The making of a National Park

It's rare for environmentalists and cattle ranchers to look at prime grazing land and pine-covered mountain slopes and see a common vision, much less one that includes federal ownership and environmental protection.

The two are more typically at odds in places like this remote section of Colorado, where the valley floor stretches across miles of brushy cattle ranches and pivot-irrigated potato farms, and snowy peaks rise sharply on all sides; where towns separated by 20 miles can be little more than clumps of buildings and the growing season lasts just 90 days.

Such regions spawned the West's "sagebrush rebellion," whose supporters fought bitterly against environmental restriction. Yet today, ranchers and farmers in the San Luis Valley are uniting with conservationists to transfer land to the US government and create America's 57th national park.

The project has been lauded by both Republicans and Democrats as a model of private-public partnership. To many, it's also evidence of what can be accomplished with "community-based conservation," an approach that weighs economics alongside ecology, encourages input from local residents, and unites disparate groups around a common concern – in this case, water.

"The fun thing was to discover that our interests were completely aligned with the agricultural interests, the community interests, the historical-cultural sector," says Charles Bedford, associate director of the Colorado chapter of The Nature Conservancy (TNC), which has been a driving force behind the project. "We find that a lot of times the agricultural economy and the preservation of natural places are totally compatible roles."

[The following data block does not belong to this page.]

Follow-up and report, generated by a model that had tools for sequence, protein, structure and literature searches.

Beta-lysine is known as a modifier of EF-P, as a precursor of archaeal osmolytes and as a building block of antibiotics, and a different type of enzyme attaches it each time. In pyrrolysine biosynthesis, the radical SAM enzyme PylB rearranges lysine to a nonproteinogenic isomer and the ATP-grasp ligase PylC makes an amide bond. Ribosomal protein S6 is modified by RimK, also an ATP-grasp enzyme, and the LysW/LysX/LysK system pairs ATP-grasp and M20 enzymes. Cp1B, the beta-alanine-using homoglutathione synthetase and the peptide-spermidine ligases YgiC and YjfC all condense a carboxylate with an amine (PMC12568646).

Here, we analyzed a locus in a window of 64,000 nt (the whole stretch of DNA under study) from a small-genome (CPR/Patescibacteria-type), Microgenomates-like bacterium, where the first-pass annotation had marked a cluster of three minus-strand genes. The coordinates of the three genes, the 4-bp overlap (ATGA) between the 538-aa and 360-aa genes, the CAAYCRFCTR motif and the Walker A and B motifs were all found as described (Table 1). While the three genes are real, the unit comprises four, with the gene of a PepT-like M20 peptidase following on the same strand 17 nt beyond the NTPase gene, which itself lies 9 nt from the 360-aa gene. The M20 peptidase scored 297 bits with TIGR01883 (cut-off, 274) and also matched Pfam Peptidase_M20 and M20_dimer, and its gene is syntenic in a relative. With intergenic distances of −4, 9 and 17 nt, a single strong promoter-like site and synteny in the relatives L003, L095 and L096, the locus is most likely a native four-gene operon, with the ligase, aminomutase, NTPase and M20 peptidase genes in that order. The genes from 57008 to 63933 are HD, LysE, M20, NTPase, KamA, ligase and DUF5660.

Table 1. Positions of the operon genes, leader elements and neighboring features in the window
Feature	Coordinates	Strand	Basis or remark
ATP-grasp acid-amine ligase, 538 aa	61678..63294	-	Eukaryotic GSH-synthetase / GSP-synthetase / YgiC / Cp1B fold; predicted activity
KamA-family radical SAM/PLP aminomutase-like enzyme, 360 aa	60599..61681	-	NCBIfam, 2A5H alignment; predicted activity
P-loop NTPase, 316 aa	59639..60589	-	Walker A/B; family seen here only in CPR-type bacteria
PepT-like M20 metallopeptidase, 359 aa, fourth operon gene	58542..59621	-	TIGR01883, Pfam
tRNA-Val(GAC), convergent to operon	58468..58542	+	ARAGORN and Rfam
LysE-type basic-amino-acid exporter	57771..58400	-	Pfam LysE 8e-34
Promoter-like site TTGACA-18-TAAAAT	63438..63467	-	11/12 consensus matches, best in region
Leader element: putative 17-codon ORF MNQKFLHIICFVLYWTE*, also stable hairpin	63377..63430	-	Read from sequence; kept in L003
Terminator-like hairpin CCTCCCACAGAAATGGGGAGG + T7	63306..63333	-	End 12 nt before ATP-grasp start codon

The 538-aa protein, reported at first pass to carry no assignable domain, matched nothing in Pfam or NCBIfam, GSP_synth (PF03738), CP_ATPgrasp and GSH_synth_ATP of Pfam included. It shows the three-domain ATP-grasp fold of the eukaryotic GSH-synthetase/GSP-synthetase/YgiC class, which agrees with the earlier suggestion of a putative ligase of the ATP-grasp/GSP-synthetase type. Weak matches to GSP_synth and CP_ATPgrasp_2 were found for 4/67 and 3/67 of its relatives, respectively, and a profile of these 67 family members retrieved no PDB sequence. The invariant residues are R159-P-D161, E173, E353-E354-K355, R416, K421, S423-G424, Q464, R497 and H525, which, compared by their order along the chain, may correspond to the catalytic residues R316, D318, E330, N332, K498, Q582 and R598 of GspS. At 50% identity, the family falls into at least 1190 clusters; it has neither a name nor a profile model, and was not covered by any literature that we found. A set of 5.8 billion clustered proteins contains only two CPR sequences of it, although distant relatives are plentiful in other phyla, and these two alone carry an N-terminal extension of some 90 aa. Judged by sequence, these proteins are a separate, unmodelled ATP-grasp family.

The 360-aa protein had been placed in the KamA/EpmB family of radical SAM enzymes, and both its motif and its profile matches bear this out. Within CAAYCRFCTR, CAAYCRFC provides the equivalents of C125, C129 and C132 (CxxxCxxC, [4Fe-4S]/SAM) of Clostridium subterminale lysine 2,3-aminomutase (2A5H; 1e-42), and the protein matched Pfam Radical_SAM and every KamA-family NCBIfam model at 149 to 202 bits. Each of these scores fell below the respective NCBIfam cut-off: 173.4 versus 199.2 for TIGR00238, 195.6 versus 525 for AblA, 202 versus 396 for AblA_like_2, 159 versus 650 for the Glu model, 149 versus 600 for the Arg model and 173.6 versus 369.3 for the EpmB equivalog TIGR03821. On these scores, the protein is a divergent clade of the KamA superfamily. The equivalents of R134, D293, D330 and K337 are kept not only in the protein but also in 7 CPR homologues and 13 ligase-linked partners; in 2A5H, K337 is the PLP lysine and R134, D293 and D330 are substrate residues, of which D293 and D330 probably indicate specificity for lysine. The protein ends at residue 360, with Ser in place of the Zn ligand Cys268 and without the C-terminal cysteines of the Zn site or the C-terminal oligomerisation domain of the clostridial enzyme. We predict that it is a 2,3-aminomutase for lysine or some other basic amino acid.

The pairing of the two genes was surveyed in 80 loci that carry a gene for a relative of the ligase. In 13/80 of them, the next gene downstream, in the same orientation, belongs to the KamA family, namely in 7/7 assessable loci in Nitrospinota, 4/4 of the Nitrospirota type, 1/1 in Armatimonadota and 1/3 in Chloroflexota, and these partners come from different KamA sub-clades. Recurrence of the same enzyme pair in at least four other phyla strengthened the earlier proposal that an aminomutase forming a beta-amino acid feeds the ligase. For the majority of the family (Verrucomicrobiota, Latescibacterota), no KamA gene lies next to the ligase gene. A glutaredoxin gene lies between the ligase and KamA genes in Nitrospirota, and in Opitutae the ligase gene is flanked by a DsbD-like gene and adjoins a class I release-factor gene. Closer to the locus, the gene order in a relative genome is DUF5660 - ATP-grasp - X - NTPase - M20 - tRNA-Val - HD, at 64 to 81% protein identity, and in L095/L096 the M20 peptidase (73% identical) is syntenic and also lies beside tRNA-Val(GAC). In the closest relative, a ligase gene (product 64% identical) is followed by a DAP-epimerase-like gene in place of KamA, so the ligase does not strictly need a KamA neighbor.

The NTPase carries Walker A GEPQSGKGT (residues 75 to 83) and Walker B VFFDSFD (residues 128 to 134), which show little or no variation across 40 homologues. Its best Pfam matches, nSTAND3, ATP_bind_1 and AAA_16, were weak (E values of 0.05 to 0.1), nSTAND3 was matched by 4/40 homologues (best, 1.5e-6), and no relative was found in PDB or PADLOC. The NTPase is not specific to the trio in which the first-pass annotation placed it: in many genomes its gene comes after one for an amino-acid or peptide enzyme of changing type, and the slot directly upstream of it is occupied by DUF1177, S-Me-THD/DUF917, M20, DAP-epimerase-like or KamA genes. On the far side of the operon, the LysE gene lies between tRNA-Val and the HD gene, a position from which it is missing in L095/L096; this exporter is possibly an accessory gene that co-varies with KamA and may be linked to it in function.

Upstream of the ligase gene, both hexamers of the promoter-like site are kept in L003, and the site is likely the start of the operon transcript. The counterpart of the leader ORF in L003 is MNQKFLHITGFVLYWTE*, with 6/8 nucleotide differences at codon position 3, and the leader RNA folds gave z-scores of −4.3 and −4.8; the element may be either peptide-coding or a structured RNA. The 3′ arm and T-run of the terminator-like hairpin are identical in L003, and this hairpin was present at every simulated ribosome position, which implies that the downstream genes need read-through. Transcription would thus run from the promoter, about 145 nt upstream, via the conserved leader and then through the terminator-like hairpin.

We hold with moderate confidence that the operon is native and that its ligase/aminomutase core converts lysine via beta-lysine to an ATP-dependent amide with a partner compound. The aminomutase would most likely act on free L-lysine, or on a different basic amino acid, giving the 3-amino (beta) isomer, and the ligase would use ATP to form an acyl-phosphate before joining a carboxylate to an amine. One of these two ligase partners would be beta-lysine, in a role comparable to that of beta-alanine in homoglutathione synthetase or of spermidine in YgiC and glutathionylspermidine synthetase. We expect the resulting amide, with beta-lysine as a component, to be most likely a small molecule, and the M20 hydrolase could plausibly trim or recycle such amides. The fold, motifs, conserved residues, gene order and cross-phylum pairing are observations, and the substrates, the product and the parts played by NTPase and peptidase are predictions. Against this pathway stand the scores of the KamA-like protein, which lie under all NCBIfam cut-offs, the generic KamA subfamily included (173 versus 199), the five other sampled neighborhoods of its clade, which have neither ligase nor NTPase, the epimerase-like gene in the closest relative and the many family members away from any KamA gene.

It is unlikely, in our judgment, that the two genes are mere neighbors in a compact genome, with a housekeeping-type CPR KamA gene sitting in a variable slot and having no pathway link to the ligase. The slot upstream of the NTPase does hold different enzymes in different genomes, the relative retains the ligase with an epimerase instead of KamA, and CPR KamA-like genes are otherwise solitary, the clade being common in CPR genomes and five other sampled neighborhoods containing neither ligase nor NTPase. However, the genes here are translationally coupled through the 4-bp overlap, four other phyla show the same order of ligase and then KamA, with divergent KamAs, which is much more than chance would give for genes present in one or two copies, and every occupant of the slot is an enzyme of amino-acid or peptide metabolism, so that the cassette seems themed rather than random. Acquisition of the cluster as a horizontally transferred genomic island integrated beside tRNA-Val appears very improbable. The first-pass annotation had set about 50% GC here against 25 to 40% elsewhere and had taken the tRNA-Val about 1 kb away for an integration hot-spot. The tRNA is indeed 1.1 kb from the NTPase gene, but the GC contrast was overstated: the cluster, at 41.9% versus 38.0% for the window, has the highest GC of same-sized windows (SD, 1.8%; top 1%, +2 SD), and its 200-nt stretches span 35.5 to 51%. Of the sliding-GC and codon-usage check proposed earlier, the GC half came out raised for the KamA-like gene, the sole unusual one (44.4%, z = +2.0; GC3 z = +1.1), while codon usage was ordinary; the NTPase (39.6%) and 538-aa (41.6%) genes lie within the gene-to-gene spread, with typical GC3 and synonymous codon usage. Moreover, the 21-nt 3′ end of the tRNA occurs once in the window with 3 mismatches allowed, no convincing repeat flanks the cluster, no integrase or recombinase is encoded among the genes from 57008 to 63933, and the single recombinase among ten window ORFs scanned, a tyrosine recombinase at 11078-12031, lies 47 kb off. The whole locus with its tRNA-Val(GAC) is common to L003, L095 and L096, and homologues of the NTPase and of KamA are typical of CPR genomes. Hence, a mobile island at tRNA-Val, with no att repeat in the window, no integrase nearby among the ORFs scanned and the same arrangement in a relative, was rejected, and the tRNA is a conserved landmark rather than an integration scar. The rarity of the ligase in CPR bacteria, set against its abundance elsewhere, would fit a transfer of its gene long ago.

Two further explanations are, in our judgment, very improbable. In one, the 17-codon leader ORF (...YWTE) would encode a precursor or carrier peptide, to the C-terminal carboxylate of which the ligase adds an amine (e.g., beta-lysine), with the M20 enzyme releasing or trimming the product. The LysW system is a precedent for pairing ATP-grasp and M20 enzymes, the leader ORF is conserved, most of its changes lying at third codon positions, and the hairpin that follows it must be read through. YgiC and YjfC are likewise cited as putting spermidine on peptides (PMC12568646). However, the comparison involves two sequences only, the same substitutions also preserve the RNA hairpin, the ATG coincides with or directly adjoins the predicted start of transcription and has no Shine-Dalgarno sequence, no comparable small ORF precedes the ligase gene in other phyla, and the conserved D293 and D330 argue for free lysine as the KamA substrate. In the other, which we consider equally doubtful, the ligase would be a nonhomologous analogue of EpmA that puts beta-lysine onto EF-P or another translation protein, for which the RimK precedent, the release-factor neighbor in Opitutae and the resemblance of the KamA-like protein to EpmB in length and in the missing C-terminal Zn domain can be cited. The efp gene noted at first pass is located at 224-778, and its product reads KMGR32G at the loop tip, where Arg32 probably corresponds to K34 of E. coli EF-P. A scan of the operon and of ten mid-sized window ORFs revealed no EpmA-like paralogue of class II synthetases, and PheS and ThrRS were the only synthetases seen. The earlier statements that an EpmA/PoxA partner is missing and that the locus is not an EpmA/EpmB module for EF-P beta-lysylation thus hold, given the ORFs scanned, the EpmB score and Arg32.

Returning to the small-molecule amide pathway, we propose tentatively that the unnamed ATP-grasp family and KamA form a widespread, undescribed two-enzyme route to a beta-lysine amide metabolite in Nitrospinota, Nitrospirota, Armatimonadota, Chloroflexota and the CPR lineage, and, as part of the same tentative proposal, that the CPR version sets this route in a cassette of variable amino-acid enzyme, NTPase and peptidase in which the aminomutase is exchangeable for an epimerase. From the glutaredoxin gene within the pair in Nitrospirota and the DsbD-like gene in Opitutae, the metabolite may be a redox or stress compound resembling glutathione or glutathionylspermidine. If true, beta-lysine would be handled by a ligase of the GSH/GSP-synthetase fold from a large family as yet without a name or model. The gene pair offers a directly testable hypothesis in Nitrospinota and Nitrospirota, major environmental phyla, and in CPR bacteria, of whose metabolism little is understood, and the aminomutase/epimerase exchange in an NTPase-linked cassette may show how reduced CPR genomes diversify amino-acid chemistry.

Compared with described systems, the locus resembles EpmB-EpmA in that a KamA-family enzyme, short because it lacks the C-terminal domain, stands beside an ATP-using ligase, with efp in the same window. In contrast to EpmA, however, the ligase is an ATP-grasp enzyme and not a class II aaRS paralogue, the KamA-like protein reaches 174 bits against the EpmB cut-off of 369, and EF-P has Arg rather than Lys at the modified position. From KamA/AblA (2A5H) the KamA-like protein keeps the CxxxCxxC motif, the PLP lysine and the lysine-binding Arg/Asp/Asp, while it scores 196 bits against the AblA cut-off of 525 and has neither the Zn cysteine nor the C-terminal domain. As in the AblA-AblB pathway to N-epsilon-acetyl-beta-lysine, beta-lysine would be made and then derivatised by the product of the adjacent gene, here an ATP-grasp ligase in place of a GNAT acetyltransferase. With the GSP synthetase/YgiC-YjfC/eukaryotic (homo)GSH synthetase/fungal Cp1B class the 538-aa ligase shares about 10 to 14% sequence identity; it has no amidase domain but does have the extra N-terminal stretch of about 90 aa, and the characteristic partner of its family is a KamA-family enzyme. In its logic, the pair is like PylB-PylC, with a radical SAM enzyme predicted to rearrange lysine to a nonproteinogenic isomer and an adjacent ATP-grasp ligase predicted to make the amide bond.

Strong advocates of the endeavor include Interior Secretary Gale Norton, often criticized by environmentalists because of her distaste for heavy federal involvement, and Colorado Sen. Wayne Allard (R), who has long been averse to anything that smacks of tree hugging.

Creation of the Great Sand Dunes National Park took a giant step forward this winter, when TNC entered into a purchasing agreement for the 97,000-acre Baca Ranch, securing over $31 million in grants and loans. Legislation in 2000 had already gained congressional approval for the park – provided the Baca property could be obtained.

If all goes according to plan, the new park and preserve, encompassing the sand dunes (already part of a national monument), rangeland, marshes, and the 14,000-foot Kit Carson peak, will gain official status by 2005.

About the size of Connecticut and formed by the gradual drifting of geological plates, the San Luis Valley sits some 7,600 feet above sea level. Surrounded on all sides by towering peaks, it contains some of the poorest counties in the state.